Carlos Valladares is a writer, critic, video essayist, and Ph.D student in the History of Art and Film and Media Studies departments. His research interests include performance, American photography, classical Hollywood, cinephilia, and 1960s cinema. He is especially interested in the works of Jacques Demy, Jacques Tati, Jacques Rivette, Cassavetes, Altman, Burnett, Michael Snow, Preston Sturges, Elaine May, Burt Lancaster, and Studio Ghibli. His research centers on the cinematic ensemble, and how different directors and actors have approached the concept of group (dis)harmony—especially in the global 1960s. His video essay on the classical Hollywood director Vincente Minnelli was screened in competition at the 54th Pesaro Film Festival.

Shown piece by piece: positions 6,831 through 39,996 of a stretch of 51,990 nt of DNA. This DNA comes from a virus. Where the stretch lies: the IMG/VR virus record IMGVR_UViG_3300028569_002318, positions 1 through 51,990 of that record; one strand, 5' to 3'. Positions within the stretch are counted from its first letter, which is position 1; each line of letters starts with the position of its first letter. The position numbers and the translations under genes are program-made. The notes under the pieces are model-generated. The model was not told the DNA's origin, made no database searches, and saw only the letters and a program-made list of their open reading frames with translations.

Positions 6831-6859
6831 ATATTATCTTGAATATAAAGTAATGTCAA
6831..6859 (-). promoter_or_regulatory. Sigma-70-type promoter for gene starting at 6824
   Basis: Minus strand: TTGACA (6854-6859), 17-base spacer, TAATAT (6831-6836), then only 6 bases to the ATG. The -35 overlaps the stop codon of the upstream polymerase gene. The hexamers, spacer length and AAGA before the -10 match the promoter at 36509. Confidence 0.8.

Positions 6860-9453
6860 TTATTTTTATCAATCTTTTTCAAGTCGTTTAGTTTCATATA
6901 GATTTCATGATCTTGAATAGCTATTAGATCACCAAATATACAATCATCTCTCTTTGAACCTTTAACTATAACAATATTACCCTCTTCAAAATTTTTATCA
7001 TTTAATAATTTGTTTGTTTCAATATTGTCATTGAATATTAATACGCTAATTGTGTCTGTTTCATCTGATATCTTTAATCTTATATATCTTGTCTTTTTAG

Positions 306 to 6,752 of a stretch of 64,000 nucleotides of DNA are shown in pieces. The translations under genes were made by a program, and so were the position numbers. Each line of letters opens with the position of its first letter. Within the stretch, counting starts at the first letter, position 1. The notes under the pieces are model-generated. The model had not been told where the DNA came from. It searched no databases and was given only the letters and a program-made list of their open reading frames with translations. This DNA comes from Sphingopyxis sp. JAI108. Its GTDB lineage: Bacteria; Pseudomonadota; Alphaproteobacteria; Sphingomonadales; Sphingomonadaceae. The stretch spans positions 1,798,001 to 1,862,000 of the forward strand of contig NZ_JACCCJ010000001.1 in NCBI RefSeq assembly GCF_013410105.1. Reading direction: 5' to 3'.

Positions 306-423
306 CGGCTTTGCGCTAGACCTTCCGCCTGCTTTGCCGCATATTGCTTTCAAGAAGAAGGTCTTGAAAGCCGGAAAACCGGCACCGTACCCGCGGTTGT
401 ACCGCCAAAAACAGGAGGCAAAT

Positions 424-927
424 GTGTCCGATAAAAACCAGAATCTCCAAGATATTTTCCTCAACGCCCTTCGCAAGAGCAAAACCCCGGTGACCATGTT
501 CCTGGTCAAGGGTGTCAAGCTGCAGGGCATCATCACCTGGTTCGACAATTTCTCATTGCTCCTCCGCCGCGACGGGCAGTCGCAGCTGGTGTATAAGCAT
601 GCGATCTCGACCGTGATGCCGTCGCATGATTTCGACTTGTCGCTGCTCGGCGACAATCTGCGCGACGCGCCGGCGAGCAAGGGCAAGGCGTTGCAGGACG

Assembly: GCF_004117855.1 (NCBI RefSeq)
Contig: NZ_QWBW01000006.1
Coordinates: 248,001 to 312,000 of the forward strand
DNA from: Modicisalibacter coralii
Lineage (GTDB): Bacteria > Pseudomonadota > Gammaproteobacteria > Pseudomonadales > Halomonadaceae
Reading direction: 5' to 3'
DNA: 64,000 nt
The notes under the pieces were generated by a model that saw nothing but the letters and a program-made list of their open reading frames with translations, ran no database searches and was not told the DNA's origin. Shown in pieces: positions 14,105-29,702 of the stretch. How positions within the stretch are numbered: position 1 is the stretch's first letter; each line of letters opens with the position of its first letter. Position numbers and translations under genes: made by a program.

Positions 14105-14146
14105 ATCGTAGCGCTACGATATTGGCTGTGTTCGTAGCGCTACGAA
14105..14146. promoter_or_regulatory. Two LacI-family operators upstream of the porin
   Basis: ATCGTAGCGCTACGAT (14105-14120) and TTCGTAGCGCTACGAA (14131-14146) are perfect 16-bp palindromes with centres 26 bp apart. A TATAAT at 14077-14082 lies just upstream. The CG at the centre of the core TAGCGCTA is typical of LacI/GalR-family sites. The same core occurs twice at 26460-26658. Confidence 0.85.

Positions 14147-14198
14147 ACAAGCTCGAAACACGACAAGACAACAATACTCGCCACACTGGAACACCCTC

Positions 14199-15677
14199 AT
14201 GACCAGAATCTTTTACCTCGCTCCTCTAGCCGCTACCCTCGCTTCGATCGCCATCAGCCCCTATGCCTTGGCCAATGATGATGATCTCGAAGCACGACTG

He graduated Phi Beta Kappa from Stanford University in 2018 with a dual-degree B.A. in Film and American Studies. As a junior, he curated and wrote the wall texts for an exhibition, “Abstraction and the Movies,” at the Anderson Collection, which placed movies in dialogue with paintings from the Anderson’s permanent collection of 20th century American artists, including Frankenthaler, Pollock, Rothko, and others. His criticism has appeared in the San Francisco Chronicle, Gagosian Quarterly, Film Comment, Notebook MUBI, the Criterion Collection, and he currently writes a weekly column for the Chronicle called “California Streamin’,” which highlights films available to watch on streaming sites. He has worked as a research assistant on two books: Christina Mesa’s The American History of Black and White Race Relations in Film (Routledge, 2020) and Marci Kwon’s Enchantments: Joseph Cornell and American Modernism (Princeton University Press, 2020). He was born and raised in South Central Los Angeles.